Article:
But the remarks were made two-and-a-half years ago, just two months after legal marijuana sales began in Colorado, so it is possible that Clinton’s personal view of legalization has legitimately softened in the interim.

During the course of her presidential campaign, Clinton has highlighted support for letting states set their own cannabis policies without federal interference and has pledged to reschedule marijuana under the Controlled Substances Act if elected.

But advocates have pushed the candidate to go even further by offering a personal endorsement for the policy of legalization, arguing that doing so could help Clinton win back support from wayward millennial voters who are supporting Libertarian Party candidate Gary Johnson or Jill Stein of the Green Party, both of whom have made support for ending cannabis prohibition centerpieces of their campaigns.

The newly-leaked documents showing Clinton’s strong opposition to legalization in a private appearance, combined with comments from the candidate’s daughter Chelsea last month implying that marijuana use can lead to death, could present an added sense of urgency for Clinton to evolve on the question of ending prohibition prior to Election Day.

To see what else Hillary Clinton has said about cannabis law reform, check out Marijuana.com’s comprehensive guide to the candidates.

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IBOGAINE FOR PTSD! The Quieted Rage

Image result for Ibogaine

 

By Damon Matthew Smith

PTSD (Post Traumatic Stress Disorder) is a condition that has had limited progress in the creation of viable treatment options for people afflicted with this despair and rage inducing disorder. Conventional medicine has come up with no long-term answers to the problem, which not only has a range of dangers for the person who has PTSD but also for the society at large.

Time magazine reported in the article WAR ON SUICIDE?, “While veterans account for about 10% of all U.S. adults, they account for 20% of U.S. suicides.” (Gibbs and Thompson) This is a startling percentage, 1 in 5 deaths caused by suicide are veterans of war. Another 1:5 ratio is important to note when discussing the burgeoning problem of PTSD, “Nearly 20 percent of military service members who have returned from Iraq and Afghanistan — 300,000 in all — report symptoms of post traumatic stress disorder or major depression, yet only slightly more than half have sought treatment, according to a new RAND Corporation study.” (www.rand.org)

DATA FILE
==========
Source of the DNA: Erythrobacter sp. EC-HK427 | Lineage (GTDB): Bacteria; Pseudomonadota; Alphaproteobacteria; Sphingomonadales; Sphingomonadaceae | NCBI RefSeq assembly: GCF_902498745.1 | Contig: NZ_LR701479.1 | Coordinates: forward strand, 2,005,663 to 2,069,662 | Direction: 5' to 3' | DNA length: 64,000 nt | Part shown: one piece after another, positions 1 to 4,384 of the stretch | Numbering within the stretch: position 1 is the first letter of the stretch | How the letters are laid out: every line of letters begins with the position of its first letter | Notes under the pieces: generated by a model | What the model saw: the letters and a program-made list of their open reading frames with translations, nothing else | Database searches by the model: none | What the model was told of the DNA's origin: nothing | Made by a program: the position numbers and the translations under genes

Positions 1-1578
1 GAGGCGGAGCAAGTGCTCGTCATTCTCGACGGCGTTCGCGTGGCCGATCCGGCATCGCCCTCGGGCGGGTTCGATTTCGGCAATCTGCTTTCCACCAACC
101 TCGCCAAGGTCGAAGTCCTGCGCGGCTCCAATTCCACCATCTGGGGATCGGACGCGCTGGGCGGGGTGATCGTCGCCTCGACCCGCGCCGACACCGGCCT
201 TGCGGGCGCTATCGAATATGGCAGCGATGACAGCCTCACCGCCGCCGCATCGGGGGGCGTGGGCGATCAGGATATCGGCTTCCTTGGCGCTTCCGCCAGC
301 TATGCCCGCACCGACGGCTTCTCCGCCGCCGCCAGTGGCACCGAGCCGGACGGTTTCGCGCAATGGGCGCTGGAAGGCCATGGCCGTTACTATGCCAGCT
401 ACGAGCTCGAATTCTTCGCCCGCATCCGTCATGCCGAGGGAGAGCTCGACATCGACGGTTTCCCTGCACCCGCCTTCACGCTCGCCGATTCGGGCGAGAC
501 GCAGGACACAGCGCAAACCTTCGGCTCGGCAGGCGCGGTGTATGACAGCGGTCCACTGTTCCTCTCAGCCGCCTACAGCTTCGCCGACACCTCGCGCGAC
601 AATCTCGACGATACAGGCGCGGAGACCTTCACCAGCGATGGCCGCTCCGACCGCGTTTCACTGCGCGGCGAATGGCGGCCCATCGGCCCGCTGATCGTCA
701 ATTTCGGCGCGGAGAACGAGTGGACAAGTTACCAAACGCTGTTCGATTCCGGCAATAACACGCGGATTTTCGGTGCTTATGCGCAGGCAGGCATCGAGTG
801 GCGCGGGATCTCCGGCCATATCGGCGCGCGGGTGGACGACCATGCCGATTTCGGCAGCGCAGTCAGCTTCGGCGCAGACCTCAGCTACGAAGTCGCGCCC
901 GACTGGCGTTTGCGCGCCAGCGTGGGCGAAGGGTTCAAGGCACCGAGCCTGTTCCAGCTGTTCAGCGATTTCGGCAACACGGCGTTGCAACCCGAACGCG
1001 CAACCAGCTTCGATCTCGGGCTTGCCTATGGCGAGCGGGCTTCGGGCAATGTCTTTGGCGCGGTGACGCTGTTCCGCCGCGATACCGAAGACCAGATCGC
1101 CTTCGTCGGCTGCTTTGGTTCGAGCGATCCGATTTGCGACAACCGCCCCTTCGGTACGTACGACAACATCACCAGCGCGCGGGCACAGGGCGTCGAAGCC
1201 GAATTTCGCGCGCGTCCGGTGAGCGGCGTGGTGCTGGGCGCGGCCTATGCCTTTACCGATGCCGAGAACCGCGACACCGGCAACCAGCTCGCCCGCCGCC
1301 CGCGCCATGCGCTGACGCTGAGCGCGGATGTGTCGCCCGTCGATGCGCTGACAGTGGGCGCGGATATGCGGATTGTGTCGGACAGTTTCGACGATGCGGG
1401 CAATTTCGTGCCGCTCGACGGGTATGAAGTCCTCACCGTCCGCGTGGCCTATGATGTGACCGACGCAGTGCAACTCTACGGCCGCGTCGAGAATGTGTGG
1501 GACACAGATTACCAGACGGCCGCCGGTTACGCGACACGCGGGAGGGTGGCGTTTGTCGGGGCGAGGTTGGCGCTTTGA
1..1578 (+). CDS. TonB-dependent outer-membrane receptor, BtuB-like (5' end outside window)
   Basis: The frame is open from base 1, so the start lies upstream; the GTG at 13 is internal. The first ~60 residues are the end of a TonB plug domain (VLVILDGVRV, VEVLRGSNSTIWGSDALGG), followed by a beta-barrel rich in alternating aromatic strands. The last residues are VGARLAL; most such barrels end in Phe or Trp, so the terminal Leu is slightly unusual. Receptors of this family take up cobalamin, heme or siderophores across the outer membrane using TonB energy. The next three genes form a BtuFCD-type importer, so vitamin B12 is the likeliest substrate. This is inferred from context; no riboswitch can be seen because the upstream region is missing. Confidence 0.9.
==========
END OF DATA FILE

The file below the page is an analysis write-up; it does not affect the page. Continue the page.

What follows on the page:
This study was the first of its kind to look at this epidemic in all branches of the US military, and its implications are terrifying. This is a mental health crisis that neither traditional psychology/psychiatry nor the VA and military leaders have provided any real solutions as the wars in Iraq and Afghanistan drag on. The situation is dire.

I went to the first War in Iraq in 1990-91 as an Army Combat Medic. It was given the catchy nicknames of first Desert Shield and then, when the US started the air assault, Desert Storm. After coming back stateside, I started to suffer from bouts of rage, severe depression, thoughts of suicide (one botched attempt with pills and a bottle of whiskey), and more and more self-medication with alcohol. When I was discharged in 1998, I was in college full time and had a supportive family and group of friends, but still my alcohol abuse and difficulty containing my bouts of rage and the aftermath of chronic depression was accelerating. I battled through and achieved some academic and personal success, earning two undergraduate degrees and one graduate degree, getting married to my longtime girlfriend, and finding my first adjunct teaching positions. However, I was unable to contain the absolute anger I experienced at the most insignificant triggers. The crying of a baby, the smell of diesel fuel, the sound of a helicopter flying over, the dropping of a metal pan on the kitchen floor, a car following to close, or a dissatisfied boss (lost many a college teaching job due to my PTSD), and I would fly into uncontrollable screaming and yelling fits, at times turning this rage inward, falling to the ground in palsied sobbing and unintelligible babbling. By 2005, I quit drinking and felt this would solve the problem, save me from the growing fear I had of going outside, of my wife leaving me, of being out of control once again, and, most importantly, of taking my own life. It helped, but only temporarily. The rage, depression and suicidal ideation soon began again its assault on my daily life.